Our team maintains a network of 13 automated Davis weather stations in the Vancouver Lower Mainland. One of the stations is on the rooftop of the Earth Sciences Building at UBC and the data is used to correct systematic forecast errors. Five of the stations help to provide information to the Coast Mountain Bus Company for predicting frost on bus trolley lines, and snow on steep bus routes that large articulated buses need to climb. Most of the remaining stations are on firehall rooftops. Fire departments use them for temperature and winds and in return we can install our instruments in secure rooftop locations.
The WFRT has a variety of field equipment and expertise that allows us to participate in a variety of field programs. Here is a partial list of equipment.
Abbreviations: CS = Campbell Scientific
Full weather stations
Winds and turbulence
Data loggers and field computers
Plus many instrument shields, shelters, enclosures, masts, electric generator, tools, etc.
Our group participates in controlled burns to collect data and deepen our understanding of the coupled atmosphere-wildfire dynamics. Our primary focus is on smoke plume dynamics, specifically the vertical distribution of smoke concentrations. To capture this, our group has developed an expendable sensor measuring particulate matter. Each sensor is treated as a radiosonde or dropsonde to make in-situ observations of PM [1, 2.5, 10] concentrations within controlled burn smoke plumes. The sensor will be attached to a Windsond radiosonde instrument providing concurrent measurements of temperature, dew point, and wind speed and direction. Along with the smoke concentration measurements, this combined instrumentation will provide a much-needed dataset to evaluate smoke plume rise modeling.
This field campaign evaluated physical modeling approaches known as flux-profile relationships, which describe vertical wind and temperature profile shapes in the lowest levels of the atmosphere. Such relations are used by all weather models to parameterize vertical transport of momentum, heat, and moisture, and play a key role in correctly predicting wind speeds at wind-turbine hub heights (approximately 80 meters above ground level). The campaign evidenced here sampled wind and temperature profiles directly at wind farms in British Columbia’s mountainous terrain and found that commonly-accepted profiles like the Businger-Dyer relations do not apply along ridge tops under statically-stable conditions at the locations tested. A new flux-profile relationship valid along mountain ridge tops under statically-stable atmospheric conditions was devised using one year of data sampled at approximately 10 minute intervals using Onset HOBO Temperature and RH loggers. Such instrumentation provided a unique solution that allowed UBC researchers the ability to sample data at a high frequency in areas void of cellular and internet services.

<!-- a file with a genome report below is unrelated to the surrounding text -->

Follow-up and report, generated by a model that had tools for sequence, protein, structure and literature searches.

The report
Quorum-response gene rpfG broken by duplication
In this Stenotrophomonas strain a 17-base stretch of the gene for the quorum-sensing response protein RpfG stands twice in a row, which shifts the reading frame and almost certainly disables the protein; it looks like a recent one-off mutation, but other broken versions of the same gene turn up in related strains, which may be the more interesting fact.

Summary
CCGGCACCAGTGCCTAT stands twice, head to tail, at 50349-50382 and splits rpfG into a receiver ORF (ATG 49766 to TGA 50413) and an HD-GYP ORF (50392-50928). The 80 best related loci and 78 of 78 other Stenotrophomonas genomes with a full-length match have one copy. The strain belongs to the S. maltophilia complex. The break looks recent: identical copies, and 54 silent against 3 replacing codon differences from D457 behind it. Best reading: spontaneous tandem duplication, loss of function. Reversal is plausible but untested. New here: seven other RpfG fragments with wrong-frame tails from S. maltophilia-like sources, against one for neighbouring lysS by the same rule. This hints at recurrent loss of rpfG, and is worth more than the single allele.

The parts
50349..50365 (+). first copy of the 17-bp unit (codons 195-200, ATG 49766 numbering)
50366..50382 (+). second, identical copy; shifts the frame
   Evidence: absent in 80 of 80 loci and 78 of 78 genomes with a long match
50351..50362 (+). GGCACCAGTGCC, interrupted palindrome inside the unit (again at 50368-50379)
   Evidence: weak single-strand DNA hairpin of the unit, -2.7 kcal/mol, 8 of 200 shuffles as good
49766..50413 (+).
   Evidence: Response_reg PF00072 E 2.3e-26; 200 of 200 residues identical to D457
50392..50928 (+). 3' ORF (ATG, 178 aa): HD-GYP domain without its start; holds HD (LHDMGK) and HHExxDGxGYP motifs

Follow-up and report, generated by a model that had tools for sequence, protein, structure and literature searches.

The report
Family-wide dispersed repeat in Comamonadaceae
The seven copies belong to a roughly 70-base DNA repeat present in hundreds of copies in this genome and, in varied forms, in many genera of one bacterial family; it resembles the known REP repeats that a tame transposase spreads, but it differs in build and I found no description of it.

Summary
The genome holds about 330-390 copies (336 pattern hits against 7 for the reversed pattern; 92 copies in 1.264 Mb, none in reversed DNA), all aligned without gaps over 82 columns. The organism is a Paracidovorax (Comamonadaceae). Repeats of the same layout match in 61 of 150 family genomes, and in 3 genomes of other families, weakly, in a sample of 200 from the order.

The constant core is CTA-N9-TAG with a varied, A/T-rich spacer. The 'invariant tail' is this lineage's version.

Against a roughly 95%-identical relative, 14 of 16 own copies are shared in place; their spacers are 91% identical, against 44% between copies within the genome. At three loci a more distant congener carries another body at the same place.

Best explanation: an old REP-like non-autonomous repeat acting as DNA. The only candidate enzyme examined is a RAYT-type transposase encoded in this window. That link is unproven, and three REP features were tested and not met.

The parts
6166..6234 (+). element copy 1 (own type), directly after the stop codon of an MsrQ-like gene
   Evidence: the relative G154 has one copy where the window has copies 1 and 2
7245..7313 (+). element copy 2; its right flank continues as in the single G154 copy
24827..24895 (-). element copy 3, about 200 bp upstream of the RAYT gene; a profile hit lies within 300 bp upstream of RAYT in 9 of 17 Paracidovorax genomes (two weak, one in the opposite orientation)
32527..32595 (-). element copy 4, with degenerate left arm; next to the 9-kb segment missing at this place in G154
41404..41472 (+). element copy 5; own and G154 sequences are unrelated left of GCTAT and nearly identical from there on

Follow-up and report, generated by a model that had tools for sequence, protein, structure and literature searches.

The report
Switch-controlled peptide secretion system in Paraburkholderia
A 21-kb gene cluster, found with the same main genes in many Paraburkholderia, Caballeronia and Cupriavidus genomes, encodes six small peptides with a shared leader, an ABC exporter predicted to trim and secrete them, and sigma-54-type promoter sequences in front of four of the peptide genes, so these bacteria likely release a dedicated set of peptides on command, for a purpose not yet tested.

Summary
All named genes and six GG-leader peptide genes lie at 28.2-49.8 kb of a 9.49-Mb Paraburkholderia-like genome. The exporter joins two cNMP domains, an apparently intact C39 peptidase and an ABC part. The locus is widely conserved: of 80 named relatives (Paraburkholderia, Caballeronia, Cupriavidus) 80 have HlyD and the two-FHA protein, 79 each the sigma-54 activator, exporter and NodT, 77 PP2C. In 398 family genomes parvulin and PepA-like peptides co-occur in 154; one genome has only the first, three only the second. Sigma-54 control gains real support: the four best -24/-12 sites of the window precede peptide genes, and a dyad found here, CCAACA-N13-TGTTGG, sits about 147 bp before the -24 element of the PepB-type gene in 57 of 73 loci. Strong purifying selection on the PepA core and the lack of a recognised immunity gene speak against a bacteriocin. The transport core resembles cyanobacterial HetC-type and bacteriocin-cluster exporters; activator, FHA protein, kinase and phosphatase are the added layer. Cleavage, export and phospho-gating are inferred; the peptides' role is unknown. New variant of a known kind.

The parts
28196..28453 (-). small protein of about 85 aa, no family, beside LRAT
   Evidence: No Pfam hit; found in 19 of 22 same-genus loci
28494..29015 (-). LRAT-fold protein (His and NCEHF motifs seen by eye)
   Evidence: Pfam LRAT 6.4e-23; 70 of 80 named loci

As part of our 2010 Olympics research and operations project, we built and installed a weather station on Whistler Mountain located on the “Dave Murray” men’s downhill ski run, using research-grade instrumentation. The research goals are described here. Data from these instruments were used as input to a numerical snowpack model that simulates snow temperature and liquid water content. Most instruments were suspended directly over the ski run to “experience” similar conditions as the snowpack beneath a ski racer, in terms of the weather and radiation effects (from surrounding trees and other objects) that influence the variables being modelled.